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Comment: Re:Pick an easy solution (Score 1) 343

by uncqual (#49078539) Attached to: Ask Slashdot: Version Control For Non-Developers?

"Some" was the key word - first word in the first sentence.

Agreed though, a lot of small businesses don't seem to care (or perhaps know to care) -- and for those, it's may actually be safer because if they are so unaware of security risks that the cloud doesn't give them some cause for concern, they probably would fail miserably at managing their in-house systems securely and reliably.

Comment: Re:indirect jobs (Score 1) 158

In general, another factor in the equation is what tax revenue would have been generated on the land consumed by the DC if the DC hadn't been built. In an area where land is plentiful, the land might be (under)utilized for the next five years by something that would generate less net tax revenue.

Comment: Re:Pick an easy solution (Score 3, Insightful) 343

by uncqual (#49074417) Attached to: Ask Slashdot: Version Control For Non-Developers?

Some businesses are not comfortable putting their documents in the hands of another party due to security concerns. Some also are hesitant to rely on a service that may go away with relatively short notice.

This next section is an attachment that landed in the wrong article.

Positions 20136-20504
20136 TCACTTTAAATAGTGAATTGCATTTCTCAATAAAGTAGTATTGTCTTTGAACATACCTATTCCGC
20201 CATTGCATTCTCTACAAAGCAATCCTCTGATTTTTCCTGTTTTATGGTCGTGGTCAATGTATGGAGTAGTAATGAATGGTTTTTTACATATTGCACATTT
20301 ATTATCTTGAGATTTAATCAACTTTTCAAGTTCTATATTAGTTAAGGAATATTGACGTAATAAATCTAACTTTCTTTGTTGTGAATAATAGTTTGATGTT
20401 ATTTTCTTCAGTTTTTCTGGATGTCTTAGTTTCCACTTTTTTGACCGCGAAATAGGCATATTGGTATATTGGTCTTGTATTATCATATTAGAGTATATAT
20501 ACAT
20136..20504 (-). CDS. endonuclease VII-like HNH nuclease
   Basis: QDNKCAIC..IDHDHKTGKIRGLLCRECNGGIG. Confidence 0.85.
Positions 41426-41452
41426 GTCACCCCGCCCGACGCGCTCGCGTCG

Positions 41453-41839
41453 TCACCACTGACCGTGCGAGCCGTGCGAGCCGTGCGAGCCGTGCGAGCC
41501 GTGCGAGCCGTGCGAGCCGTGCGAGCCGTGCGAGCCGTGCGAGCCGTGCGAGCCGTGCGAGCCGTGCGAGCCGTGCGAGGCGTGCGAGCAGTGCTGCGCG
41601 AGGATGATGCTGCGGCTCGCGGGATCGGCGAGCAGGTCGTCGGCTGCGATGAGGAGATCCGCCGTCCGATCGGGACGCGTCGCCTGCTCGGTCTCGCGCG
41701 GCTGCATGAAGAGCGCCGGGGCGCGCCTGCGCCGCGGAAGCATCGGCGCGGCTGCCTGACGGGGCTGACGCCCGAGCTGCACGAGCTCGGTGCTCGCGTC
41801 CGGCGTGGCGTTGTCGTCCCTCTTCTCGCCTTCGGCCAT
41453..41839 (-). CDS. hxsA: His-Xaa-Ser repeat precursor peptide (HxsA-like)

Google Docs would require additional training as well if they are already using Word/Excel and legacy documents would need to be maintained somewhere.

Google Docs does not import a lot of Word and Excel documents adequately. I've rarely had it import a Word document with sufficient fidelity that I didn't find it necessary to at least touch it up. With Excel documents, I almost always have to do a lot more than "touch up" work to make it whole again. Therefore, it's likely switching to Google Docs would require a lot of effort if some of these documents are "living" documents that change from time to time.

Comment: Re:Nuclear plants don't like sudden shutdowns (Score 1) 311

by uncqual (#49064901) Attached to: Nuclear Plant Taken Down In Anticipation of Snowstorm

To be fair, you do probably have to disconnect the wiring from the flooded generators as you don't want the electricity from the temporary generators shorting to ground through the flooded generators. And, you do need to connect the temporary generators somehow and, if that contingency was not considered in the existing wiring, you probably need to do some "rewiring".

So, some rewiring may consist of bolt cutters while some may consist of clamping existing cables to the cables of the temporary generators. Neither should be a big deal for on-site electricians though.